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LAKE FOREST — Justin Fields only threw four passes beyond 10 yards against the Packers in the 38-20 whooping at Soldier Field last Sunday.
Offensive coordinator Luke Getsy didn’t help QB1 with all of the screen plays and emphasis on attacking the field horizontally.
But Fields was also clearly gunshy on several plays with opportunities for bigger gains downfield.
Fields said on Wednesday that he knows he missed out on some plays and wish he had some back.
“Yeah, for sure,” Fields said. “That’s one thing I talked to Luke and coach about. I felt like I was a little bit too conservative at times during the game. Definitely with guys like DJ (Moore) and Chase (Claypool) on the outside, if we do have one-on-one on the outside, potentially throwing it up and seeing what happens. With them, they’re great playmakers and they can most likely come up with a 50-50 ball. Definitely want to give them more chances deep down the field.”
Fields was then asked why he played conservatively and his answer didn’t provide reassurance on the issue.
“I’m not sure. Yeah, I don’t know,” Fields said.
The Bears need to come out this week against the Tampa Bay Buccaneers on the road and devise a game plan that reestablishes Fields’ big-hunter mentality as a passer. That doesn’t only mean throwing the ball deep. It also means don’t settle for the checkdown because it’s open.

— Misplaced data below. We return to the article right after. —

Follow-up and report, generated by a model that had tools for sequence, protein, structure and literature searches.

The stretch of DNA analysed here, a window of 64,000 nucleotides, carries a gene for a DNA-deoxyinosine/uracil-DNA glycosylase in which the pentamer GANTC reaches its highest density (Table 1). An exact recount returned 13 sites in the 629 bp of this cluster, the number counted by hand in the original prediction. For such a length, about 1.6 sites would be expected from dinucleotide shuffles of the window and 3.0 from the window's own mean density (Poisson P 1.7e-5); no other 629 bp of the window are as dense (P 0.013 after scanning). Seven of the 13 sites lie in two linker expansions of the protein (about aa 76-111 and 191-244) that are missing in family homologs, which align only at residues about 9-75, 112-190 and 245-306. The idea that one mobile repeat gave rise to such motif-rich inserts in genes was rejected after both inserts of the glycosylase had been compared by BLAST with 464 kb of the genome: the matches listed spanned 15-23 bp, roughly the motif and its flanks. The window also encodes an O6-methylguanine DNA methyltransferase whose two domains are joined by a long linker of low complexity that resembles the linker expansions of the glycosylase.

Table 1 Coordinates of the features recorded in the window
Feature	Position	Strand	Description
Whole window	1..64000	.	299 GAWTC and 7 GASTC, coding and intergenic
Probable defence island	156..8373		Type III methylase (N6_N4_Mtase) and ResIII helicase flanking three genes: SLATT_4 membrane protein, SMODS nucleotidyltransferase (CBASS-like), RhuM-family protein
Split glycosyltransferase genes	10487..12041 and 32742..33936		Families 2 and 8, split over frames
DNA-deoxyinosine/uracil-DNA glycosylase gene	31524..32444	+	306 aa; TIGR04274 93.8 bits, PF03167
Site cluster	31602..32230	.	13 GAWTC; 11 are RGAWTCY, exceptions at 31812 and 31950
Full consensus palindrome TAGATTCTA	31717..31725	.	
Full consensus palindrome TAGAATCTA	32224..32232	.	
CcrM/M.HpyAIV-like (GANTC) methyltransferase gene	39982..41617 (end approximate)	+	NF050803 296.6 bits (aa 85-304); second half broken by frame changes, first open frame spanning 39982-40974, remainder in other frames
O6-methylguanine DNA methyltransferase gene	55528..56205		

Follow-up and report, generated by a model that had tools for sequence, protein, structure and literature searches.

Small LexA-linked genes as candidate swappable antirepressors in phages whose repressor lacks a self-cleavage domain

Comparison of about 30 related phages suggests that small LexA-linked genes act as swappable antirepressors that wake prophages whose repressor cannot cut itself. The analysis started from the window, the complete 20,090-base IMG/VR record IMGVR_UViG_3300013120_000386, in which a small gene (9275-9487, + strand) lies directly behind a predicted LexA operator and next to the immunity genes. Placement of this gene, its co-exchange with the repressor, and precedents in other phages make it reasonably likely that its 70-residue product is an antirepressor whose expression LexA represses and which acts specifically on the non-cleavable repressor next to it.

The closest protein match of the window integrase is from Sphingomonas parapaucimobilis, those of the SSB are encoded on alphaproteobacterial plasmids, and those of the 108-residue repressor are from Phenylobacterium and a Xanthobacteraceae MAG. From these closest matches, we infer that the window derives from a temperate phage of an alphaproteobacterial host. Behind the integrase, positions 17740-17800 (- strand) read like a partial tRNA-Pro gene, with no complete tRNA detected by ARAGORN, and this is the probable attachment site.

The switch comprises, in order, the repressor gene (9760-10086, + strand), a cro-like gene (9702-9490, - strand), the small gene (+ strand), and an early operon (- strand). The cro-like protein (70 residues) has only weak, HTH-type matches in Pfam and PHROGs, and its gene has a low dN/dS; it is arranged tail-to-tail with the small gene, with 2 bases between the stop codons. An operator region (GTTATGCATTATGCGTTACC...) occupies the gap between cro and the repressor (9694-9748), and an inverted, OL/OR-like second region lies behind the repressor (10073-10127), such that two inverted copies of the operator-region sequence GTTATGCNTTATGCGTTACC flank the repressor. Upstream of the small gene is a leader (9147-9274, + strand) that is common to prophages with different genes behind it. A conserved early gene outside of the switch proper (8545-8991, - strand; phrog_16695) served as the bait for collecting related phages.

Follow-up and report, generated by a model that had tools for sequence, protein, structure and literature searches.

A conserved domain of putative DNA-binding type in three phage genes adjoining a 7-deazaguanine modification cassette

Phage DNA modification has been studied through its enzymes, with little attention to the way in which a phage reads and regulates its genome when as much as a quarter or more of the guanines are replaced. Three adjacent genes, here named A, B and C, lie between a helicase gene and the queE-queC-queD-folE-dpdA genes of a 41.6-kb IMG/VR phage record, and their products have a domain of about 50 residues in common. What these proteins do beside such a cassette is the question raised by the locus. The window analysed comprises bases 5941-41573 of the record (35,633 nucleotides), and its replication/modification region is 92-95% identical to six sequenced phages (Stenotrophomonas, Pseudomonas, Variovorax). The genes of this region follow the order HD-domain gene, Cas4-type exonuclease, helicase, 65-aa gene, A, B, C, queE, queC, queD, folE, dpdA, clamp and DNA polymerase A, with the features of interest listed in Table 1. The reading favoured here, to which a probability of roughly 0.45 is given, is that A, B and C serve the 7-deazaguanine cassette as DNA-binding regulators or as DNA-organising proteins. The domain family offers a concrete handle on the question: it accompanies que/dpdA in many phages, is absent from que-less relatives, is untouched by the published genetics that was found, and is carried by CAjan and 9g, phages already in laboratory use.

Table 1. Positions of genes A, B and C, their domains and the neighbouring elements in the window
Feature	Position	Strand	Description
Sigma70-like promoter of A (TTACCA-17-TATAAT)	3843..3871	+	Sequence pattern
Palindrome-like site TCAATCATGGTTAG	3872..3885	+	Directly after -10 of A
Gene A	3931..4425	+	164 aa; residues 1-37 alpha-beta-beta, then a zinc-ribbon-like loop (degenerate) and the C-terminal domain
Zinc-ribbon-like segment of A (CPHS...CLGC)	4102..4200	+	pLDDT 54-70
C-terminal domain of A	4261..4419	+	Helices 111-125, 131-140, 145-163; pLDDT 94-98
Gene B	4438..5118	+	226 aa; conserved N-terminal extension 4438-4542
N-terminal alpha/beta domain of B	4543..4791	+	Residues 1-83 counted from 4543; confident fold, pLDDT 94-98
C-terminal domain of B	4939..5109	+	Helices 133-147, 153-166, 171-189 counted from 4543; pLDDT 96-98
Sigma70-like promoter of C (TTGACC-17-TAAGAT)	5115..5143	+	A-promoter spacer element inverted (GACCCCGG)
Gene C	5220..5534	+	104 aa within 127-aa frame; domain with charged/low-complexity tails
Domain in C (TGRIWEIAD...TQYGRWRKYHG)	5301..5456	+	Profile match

The 14-yard completion to Khalil Herbert on the Bears’ second drive is a perfect example of this. Fields delivered the ball to Herbert who moved the chains on second-and-12, but there is a clear opportunity to hit Moore for a bigger gain on the deep out. Jordan Love hit that deeper out on a similar concept on a third down later in the game to keep the Packers’ offense on the field.
Having more plays like the touchdown pass to Darnell Mooney would be a good start for the offense. Fields changed the protection at the line of scrimmage and delivered a nice vertical pass to Mooney on a wheel concept for the score.
Fields is “pretty involved” in constructing the game plan that goes on during the week, and he communicates with Getsy and quarterbacks coach Andrew Janocko on the plays he likes and dislikes. But this week there will be even more of an emphasis on him to be vocal on those plays. And Fields needs to go out and execute them.
After the loss to Green Bay, Fields said the lateral passes were a part of the game plan and there just needed to be better blocking on the perimeter to execute those plays. No doubt there needed to be better blocking, but there still needs to be plays built off the screens to help the offense succeed.
The Buccaneers will present a good challenge for Fields and the Bears’ offense. Tampa Bay was the second-most blitz heavy team in Week 1 against the Vikings, but were fairly ineffective at getting home in the victory against Minnesota.
The Bears’ offensive line struggled all game against the Packers — allowing Fields to be pressured on 53.1 percent of his drop backs. How the Bears handle Tampa Bay’s blitz will be key in the game’s end result.
The Bears collectively as an offense didn’t do their part to stress the Packers’ defense with explosive plays. That needs to change in Week 2 for the team to get back on track.
That doesn’t mean Fields is going to force the ball, either. But if he sees a matchup he likes with his skilled guys, then he will take his shot.
“I would say you could do that if it’s like one-on-one matchups to the outside and it’s one on one,” Fields said. “But you never want to force it with multiple defenders around him. Definitely one-on-ones to the outside and when the safety is in the middle of the field, I definitely can throw it up. For sure.”
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